by Tess Schulze
Now that spring is yawning awake and stretching her green tendrils after a long wintry sleep, it’s hard to miss the bright pops colour from the blossoms lining roads and paths. The sun is peeking out more frequently, the days are getting longer and, I don’t know about you, but I am desperate to get outside as much as I can! So I do my best to get out and explore when and where I can. I have seized the opportunity with all of this green life to learn more about plants and how to forage. Learning and exploring the world with fresh and curious eyes can make your walks a little less dull. More than that, you’ll find that there is food to be found around every corner here in Dundee and often in the most surprising places. The usual paths we take are ever-changing with the seasons, the leafy green foliage that bursts through the earth near your hedge might actually be a tasty treasure and you’ve never noticed before!
Foraging is a fun way to get out and explore with friends or the kids; it’s an opportunity to get outside, get some free food, and change the way you see the world around you on your walks. Within a one mile radius of my own flat here in Dundee I have found: blackberries, elderberries, sloe berries, St John’s Wort, gorse, salal berries, huckleberries, rose hips, currants, hawthorn, chamomile, and wild thyme. I only found these things because I was looking and I am certain there are far more useful plants that I have walked past and still haven’t noticed because I’m simply not looking for them!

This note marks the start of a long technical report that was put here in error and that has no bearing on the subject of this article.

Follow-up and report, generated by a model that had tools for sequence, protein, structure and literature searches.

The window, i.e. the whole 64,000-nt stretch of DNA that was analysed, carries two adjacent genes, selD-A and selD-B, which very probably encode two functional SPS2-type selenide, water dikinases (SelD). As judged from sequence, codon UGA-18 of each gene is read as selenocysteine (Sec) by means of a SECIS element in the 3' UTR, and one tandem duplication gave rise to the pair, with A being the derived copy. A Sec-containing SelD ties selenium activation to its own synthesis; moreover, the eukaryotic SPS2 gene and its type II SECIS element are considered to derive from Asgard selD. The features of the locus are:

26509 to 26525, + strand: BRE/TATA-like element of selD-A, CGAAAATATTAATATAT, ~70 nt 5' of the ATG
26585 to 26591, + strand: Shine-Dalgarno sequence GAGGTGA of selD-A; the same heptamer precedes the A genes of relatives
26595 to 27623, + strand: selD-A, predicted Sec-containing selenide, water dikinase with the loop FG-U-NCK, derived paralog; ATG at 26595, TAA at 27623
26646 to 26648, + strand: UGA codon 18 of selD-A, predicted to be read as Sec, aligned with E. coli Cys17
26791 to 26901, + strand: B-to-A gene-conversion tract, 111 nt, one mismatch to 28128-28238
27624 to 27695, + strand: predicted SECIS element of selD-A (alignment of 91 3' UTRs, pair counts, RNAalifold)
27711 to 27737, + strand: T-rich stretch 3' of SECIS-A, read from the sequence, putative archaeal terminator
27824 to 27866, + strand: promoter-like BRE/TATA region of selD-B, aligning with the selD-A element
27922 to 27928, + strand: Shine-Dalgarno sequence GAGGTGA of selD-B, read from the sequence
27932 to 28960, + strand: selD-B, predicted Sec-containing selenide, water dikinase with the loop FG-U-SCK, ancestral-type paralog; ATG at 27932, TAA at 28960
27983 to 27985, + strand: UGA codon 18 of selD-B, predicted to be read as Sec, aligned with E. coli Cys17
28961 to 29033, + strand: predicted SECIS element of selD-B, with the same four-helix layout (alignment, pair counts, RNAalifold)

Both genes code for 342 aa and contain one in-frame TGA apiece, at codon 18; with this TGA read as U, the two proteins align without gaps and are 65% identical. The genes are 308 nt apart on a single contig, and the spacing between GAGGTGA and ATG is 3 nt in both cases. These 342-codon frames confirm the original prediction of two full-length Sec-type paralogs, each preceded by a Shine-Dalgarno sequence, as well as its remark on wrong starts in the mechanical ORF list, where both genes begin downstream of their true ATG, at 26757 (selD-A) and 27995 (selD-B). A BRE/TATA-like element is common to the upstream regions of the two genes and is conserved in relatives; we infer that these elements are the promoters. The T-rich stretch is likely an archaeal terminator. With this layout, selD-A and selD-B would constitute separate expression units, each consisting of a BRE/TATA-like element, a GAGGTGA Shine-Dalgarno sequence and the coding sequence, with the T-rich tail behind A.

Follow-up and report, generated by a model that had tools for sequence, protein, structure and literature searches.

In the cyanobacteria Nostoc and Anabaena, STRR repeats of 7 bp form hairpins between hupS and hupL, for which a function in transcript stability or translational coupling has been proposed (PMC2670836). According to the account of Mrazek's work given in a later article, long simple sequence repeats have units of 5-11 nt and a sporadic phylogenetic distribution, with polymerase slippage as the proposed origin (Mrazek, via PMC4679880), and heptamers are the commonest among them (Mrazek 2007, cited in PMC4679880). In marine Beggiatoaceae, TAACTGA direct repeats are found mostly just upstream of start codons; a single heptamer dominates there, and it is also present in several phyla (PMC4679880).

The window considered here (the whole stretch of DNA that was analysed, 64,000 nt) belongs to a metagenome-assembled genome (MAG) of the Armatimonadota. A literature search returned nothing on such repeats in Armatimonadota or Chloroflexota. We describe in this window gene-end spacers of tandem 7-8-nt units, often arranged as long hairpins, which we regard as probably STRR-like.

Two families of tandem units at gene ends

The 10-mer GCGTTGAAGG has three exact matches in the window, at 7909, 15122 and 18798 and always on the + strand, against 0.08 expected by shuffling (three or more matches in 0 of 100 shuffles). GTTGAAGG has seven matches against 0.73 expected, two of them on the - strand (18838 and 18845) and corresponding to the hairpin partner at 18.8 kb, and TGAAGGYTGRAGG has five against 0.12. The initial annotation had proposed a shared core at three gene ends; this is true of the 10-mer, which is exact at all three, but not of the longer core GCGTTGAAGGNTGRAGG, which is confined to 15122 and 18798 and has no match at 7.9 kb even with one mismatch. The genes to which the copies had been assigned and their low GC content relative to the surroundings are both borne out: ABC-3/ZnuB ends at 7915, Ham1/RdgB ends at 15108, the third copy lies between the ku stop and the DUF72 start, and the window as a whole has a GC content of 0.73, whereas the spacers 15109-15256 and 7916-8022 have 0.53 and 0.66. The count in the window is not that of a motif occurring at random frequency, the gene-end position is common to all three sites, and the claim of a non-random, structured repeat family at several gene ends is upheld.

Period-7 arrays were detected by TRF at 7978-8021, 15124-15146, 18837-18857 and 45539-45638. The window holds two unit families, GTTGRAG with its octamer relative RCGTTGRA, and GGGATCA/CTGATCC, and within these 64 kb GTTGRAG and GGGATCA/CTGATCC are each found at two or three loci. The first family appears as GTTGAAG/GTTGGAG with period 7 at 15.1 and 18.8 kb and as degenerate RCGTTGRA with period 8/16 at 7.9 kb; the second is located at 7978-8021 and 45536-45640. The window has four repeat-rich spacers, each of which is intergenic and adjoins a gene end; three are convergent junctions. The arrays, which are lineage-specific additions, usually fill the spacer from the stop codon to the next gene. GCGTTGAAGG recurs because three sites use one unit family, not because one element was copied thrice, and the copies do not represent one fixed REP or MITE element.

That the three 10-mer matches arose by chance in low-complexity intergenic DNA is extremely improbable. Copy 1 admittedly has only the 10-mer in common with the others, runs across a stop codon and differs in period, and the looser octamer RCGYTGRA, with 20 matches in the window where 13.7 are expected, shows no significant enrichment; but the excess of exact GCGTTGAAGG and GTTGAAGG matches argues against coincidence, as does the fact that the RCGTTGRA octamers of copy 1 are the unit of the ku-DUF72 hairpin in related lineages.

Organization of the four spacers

Before continuing, there are a few things you should keep in mind when you’re out foraging:
- Always make sure that you leave the space you are entering as untouched as possible – take what you want/need, but also don’t be afraid to collect a little bit of rubbish while you’re at it and don’t leave anything but footprints behind.
- Determine if you are on someone’s property and make sure you have the owner’s permission before removing anything. Be polite and respectful; if their answer is no, that’s okay!
- Make sure you are certain that what you have foraged is edible! There are many useful resources available to check that what you’re collecting is safe to eat. *I will include a list of sources at the end of this article that are useful when out foraging.*
- Legislation under the Wildlife and Countryside Act (1981) makes it illegal “to uproot any wild plant without permission from the landowner or occupier” in Britain. The term ‘uproot’ is defined as “to dig up or otherwise remove the plant from the land on which it is growing”
This early on in spring there isn’t much in the way of delicious fruit weighing down the branches of bushes and trees just yet. Right now, the most plentiful and delicious foraging find out there is wild garlic. Many people rue this strongly scented plant and consider it a weed – and understandably so since it can take over an area and the bulbs are buried deep in the earth, making them difficult to dig up. Because of this, though, if you come across a cache of garlic on someone’s property they are usually happy for you to take some of it off their hands when you ask.